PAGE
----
Sit-at-home orders enforced by the pro-Biafra group, IPOB, have had more negative economic impacts on Ebonyi State than other states in the South-east region, a report says.
Over 83 per cent of interviewed respondents in the state said they were economically affected by the directives that repeatedly halt economic activities in the region most Mondays, the report by SB Morgen said.
The impact is also severely felt in Enugu, Anambra and Imo states in that order. Abia State has seen the least disruptions, residents said.
“Of the five states in the South-east, the sit-at-home order was most effective in Ebonyi State with 98.07 per cent of the respondents affirming that it was observed,” said the report by the Lagos-based research firm, SB Morgen.
Ebonyi, which has large salt deposits, is a leading producer of rice, yam, potatoes and cassava in the country. Complying with frequent no-work orders handed out by the Nnamdi Kanu-led Indigenous People of Biafra means production in these factories is stalled.
The group wants an independent Biafra nation and has been branded a terrorist group by the Nigerian government. Mr Kanu has been held by the government in detention since June when he was arrested in Kenya.
His supporters routinely direct residents of the region to stay at home on Mondays as a sign of protest. The campaign has affected economic and educational activities.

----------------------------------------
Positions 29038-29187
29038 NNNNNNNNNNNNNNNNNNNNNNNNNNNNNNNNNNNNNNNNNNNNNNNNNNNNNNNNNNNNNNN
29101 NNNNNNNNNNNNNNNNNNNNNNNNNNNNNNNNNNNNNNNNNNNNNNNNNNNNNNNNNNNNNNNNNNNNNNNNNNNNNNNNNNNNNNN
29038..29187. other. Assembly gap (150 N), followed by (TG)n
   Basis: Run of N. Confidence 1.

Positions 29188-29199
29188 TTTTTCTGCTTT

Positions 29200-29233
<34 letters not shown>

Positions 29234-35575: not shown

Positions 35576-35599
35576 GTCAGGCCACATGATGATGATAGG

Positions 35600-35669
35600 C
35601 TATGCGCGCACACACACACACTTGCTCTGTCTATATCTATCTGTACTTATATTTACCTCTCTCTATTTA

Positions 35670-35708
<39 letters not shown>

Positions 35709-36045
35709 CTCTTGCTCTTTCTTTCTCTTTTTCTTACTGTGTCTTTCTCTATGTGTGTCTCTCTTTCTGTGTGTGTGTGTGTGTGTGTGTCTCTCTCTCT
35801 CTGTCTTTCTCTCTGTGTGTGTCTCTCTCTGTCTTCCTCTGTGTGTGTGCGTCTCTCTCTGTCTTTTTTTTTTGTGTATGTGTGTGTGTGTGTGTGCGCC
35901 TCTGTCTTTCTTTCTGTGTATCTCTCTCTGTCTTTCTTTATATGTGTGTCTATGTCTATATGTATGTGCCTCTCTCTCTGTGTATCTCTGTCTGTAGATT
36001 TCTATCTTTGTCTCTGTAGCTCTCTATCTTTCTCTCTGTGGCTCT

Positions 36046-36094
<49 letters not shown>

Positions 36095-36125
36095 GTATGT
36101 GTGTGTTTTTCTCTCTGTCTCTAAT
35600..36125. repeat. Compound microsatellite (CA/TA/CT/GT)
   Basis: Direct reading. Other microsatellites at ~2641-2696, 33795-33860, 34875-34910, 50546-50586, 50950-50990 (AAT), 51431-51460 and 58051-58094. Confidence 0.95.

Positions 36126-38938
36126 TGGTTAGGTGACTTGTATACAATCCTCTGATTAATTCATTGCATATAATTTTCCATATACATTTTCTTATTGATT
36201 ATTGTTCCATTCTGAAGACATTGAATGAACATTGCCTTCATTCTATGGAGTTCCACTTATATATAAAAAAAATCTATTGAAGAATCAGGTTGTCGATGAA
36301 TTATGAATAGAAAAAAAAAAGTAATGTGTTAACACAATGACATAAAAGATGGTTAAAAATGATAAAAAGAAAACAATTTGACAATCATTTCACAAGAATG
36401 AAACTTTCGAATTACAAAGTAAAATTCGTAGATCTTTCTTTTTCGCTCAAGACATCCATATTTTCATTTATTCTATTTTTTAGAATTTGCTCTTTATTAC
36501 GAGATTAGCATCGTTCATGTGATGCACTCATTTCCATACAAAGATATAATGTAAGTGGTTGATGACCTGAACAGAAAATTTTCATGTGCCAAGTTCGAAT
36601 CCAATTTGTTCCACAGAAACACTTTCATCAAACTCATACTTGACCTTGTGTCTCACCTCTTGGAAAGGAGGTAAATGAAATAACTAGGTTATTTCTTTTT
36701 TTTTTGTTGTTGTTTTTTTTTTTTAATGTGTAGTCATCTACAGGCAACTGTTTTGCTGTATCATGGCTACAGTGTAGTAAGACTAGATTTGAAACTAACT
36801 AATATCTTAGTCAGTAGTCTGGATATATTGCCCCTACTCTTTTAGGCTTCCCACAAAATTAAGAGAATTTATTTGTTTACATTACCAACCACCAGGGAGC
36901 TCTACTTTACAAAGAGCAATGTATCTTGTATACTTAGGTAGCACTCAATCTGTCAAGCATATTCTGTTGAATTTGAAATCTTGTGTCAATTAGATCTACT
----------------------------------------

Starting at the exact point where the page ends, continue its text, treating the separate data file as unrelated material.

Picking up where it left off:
While the group is popular in the region, most residents are believed to comply with its disruptive orders for fear of being attacked or victimised by an organisation that has been linked to several acts of violence especially in recent months. There have been reports of defaulters being attacked.
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“Not surprisingly, Ebonyi State was most affected economically by the protest with as many as 84 per cent of the respondents admitting so, followed by 74.42 per cent of respondents in Enugu State. Anambra and Imo were tied at 55 per cent of respondents’ economic activities being affected by the protest, while Abia State had the least disruption to economic activity with only 42 per cent of respondents affected by the protest,” SB Morgen said.
In terms of occupations, the worst affected are self-employed persons followed by transporters and then blue-collar formal sector workers.